Regency Personalities Series
In my attempts to provide us with the details of the Regency, today I continue with one of the many period notables.
George Colman the Elder
April 1732 – August 14 1794
Colman was an English dramatist and essayist.
He was born in Florence, where his father was stationed as British Resident Minister at the court of the Grand Duke of Tuscany. Colman’s father died within a year of his son’s birth, and the boy’s education was undertaken by William Pulteney, afterwards the 1st Earl of Bath, whose wife was Mrs Colman’s sister. Colman then attended a private school in Marylebone, after which he was sent to Westminster School, and left in due course for Christ Church, Oxford.
Here he made the acquaintance of Bonnell Thornton. Together they founded The Connoisseur (1754–1756), a periodical which, although it reached its 140th number, “wanted weight,” according to Samuel Johnson. He then entered Lincoln’s Inn and was called to the bar in 1757. A friendship formed with David Garrick did not help his career as a barrister, but he continued to practice the law until the death of his uncle Lord Bath, out of respect for his wishes.
George Colman the Elder
In 1760, he produced his first play, Polly Honeycomb, which met with great success. In 1761, The Jealous Wife, a comedy partly founded on Tom Jones, made Colman famous. The death of Lord Bath in 1764 placed him in possession of independent means. In 1765 appeared Colman’s metrical translation of the plays of Terence; and in 1766, he produced The Clandestine Marriage, jointly with Garrick. In the next year he purchased a fourth share in the Covent Garden Theatre, a step which is said to have induced General Pulteney to revoke a will by which he had left Colman large estates. The general, who died in that year, did, however, leave him a considerable annuity.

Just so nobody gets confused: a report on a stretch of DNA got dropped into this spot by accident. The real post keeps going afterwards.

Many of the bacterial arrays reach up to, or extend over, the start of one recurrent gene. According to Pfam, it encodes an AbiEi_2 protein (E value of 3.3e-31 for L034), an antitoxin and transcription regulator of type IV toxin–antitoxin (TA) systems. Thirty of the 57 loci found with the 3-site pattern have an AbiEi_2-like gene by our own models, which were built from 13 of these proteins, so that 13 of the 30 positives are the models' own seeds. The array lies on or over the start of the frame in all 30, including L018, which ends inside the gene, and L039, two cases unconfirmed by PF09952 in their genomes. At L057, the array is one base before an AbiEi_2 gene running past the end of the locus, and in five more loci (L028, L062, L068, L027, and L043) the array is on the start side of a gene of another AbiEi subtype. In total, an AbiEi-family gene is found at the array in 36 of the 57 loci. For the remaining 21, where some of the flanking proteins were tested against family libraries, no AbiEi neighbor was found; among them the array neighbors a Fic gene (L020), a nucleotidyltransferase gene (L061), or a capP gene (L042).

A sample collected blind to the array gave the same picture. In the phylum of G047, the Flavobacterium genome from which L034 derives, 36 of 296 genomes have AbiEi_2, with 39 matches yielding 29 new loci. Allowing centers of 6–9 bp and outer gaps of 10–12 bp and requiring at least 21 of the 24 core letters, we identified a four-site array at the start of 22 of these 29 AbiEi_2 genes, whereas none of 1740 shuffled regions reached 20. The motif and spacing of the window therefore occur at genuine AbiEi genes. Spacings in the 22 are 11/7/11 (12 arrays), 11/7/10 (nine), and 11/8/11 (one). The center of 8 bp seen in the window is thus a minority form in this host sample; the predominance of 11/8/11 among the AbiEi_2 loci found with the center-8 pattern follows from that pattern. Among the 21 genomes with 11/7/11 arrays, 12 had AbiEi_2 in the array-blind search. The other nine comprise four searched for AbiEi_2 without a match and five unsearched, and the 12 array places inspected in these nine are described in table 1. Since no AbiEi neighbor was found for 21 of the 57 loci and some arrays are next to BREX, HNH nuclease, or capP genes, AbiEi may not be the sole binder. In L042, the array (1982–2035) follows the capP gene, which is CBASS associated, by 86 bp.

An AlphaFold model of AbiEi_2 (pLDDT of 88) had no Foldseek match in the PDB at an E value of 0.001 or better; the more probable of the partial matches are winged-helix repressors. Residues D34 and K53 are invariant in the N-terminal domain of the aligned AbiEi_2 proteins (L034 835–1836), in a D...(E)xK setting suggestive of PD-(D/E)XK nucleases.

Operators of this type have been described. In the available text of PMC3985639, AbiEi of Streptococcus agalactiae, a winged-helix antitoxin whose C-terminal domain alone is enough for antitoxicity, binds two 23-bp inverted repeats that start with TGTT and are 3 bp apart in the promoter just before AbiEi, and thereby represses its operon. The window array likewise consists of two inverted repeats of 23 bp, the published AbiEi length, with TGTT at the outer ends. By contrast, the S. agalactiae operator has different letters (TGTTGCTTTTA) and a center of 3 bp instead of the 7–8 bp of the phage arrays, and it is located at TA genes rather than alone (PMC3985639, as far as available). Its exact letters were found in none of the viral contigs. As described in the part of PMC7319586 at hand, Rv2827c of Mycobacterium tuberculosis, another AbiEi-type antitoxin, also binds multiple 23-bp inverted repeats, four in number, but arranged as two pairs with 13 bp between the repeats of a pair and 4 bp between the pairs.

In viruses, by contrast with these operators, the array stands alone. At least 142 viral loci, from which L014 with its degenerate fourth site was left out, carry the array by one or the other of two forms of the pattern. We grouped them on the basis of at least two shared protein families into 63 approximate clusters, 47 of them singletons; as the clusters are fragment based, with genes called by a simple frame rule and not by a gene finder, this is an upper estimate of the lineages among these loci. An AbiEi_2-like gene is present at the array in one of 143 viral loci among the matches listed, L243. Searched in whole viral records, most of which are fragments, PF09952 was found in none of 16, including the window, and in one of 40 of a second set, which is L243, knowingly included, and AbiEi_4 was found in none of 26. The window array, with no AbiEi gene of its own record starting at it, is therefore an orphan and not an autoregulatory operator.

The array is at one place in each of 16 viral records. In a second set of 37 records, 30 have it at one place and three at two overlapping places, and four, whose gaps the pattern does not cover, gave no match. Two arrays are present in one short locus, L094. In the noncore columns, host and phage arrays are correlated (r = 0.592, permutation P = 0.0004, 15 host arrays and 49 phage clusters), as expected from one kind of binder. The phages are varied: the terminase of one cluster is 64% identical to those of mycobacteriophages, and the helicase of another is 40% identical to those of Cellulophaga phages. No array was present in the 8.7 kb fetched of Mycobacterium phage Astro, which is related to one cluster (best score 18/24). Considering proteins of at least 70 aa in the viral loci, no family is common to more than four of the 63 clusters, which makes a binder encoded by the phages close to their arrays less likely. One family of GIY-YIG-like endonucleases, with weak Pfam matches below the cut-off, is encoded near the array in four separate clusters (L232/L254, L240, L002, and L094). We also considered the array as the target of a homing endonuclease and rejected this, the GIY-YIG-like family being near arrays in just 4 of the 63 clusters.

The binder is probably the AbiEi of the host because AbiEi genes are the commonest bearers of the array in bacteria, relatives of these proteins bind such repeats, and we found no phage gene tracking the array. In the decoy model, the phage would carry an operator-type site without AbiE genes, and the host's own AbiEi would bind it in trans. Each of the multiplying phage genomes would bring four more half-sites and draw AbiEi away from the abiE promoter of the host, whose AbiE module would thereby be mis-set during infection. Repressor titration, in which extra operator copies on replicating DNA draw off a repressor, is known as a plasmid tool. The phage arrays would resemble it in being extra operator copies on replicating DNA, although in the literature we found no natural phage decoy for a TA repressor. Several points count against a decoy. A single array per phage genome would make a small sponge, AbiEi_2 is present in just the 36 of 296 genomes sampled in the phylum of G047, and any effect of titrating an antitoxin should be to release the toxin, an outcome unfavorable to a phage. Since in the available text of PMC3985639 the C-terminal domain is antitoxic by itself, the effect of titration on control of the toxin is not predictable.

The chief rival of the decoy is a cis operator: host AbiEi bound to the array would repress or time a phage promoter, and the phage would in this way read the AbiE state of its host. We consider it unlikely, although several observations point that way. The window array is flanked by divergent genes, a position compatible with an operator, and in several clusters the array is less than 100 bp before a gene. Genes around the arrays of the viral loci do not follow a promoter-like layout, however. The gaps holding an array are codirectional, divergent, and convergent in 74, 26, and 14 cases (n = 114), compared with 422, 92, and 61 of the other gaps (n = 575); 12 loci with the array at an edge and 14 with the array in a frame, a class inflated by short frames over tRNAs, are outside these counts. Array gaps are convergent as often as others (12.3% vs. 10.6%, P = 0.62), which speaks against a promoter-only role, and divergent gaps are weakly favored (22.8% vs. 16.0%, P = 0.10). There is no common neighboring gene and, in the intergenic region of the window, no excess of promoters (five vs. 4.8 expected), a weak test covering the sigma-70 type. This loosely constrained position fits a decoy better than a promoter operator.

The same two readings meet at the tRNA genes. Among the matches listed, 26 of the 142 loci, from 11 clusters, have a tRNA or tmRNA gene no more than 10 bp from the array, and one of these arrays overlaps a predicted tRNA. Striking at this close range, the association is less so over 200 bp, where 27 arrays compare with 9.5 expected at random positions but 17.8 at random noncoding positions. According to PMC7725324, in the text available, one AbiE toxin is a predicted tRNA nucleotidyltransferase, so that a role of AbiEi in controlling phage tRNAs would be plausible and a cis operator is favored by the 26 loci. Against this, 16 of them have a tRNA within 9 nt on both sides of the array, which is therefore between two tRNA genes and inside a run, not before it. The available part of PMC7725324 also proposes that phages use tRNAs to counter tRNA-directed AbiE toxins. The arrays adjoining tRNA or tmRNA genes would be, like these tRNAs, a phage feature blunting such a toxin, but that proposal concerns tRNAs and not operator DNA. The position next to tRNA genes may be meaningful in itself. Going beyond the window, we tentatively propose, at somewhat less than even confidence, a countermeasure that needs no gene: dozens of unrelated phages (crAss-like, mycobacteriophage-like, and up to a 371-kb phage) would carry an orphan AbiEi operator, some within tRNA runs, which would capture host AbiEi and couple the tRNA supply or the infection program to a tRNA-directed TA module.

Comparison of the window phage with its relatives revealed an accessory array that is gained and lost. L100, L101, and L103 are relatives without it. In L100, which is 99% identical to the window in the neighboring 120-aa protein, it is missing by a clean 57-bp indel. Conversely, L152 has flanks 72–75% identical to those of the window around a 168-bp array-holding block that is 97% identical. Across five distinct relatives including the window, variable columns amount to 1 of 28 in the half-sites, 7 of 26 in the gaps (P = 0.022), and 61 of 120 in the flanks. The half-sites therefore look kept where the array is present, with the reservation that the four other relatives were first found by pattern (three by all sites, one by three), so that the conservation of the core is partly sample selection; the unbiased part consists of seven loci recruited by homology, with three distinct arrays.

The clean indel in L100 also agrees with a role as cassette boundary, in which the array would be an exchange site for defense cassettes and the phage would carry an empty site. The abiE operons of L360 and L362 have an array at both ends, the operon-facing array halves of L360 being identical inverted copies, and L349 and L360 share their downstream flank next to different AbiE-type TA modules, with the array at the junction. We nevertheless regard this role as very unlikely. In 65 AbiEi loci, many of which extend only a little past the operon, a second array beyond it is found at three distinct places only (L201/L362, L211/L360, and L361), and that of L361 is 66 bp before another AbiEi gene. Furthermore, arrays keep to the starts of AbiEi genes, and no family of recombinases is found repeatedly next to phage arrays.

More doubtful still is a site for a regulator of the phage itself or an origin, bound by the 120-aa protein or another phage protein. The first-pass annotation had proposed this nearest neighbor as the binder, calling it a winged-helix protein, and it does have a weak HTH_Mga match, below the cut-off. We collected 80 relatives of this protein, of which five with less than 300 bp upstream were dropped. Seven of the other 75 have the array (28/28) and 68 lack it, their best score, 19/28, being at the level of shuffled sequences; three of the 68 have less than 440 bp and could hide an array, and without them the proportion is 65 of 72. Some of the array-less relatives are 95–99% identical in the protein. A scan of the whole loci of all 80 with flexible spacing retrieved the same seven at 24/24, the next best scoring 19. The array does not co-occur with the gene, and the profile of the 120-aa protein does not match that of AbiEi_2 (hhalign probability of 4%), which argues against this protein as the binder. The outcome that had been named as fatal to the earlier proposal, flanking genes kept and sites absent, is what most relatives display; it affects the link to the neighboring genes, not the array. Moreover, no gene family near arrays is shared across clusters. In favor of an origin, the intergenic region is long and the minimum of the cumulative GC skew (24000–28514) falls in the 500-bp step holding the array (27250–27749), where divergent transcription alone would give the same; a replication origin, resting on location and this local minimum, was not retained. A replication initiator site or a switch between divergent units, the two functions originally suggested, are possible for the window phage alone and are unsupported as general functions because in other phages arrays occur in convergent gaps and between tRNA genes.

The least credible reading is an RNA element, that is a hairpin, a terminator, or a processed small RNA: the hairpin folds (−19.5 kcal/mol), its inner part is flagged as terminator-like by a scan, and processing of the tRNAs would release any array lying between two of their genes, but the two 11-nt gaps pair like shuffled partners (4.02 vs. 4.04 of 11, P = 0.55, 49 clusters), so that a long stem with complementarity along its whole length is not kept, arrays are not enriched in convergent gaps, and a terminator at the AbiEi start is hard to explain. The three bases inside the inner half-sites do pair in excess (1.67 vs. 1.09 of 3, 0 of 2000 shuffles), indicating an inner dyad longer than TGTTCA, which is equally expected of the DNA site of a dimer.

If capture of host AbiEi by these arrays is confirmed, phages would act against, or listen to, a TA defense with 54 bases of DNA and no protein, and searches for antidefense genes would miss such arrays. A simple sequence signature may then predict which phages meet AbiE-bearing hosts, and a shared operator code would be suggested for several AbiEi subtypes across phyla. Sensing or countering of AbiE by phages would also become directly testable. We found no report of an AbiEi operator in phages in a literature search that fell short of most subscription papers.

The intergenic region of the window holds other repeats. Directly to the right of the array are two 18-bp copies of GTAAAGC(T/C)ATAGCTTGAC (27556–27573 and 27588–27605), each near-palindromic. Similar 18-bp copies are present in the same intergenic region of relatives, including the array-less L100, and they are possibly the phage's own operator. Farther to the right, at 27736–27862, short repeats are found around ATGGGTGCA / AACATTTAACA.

Colman was acting manager of Covent Garden for seven years. He produced several “adapted” plays of Shakespeare. In 1768 he was elected to the Literary Club. In 1771 Thomas Arne’s masque The Fairy Prince premiered at Covent Garden for which Colman wrote the libretto. In 1774 he sold his share in the great playhouse, which had involved him in much litigation with his partners. Three years later he purchased of Samuel Foote, the little theatre in the Haymarket. Colman was attacked with paralysis in 1785; in 1789 his brain became affected, and he died on the 14 August 1794.
- Polly Honeycombe (1760)
- The Jealous Wife (1761)
- The Clandestine Marriage (1766)
- The Oxonian in Town (1767)
- The Manager in Distress (1780)
- The Genius of Nonsense (1780)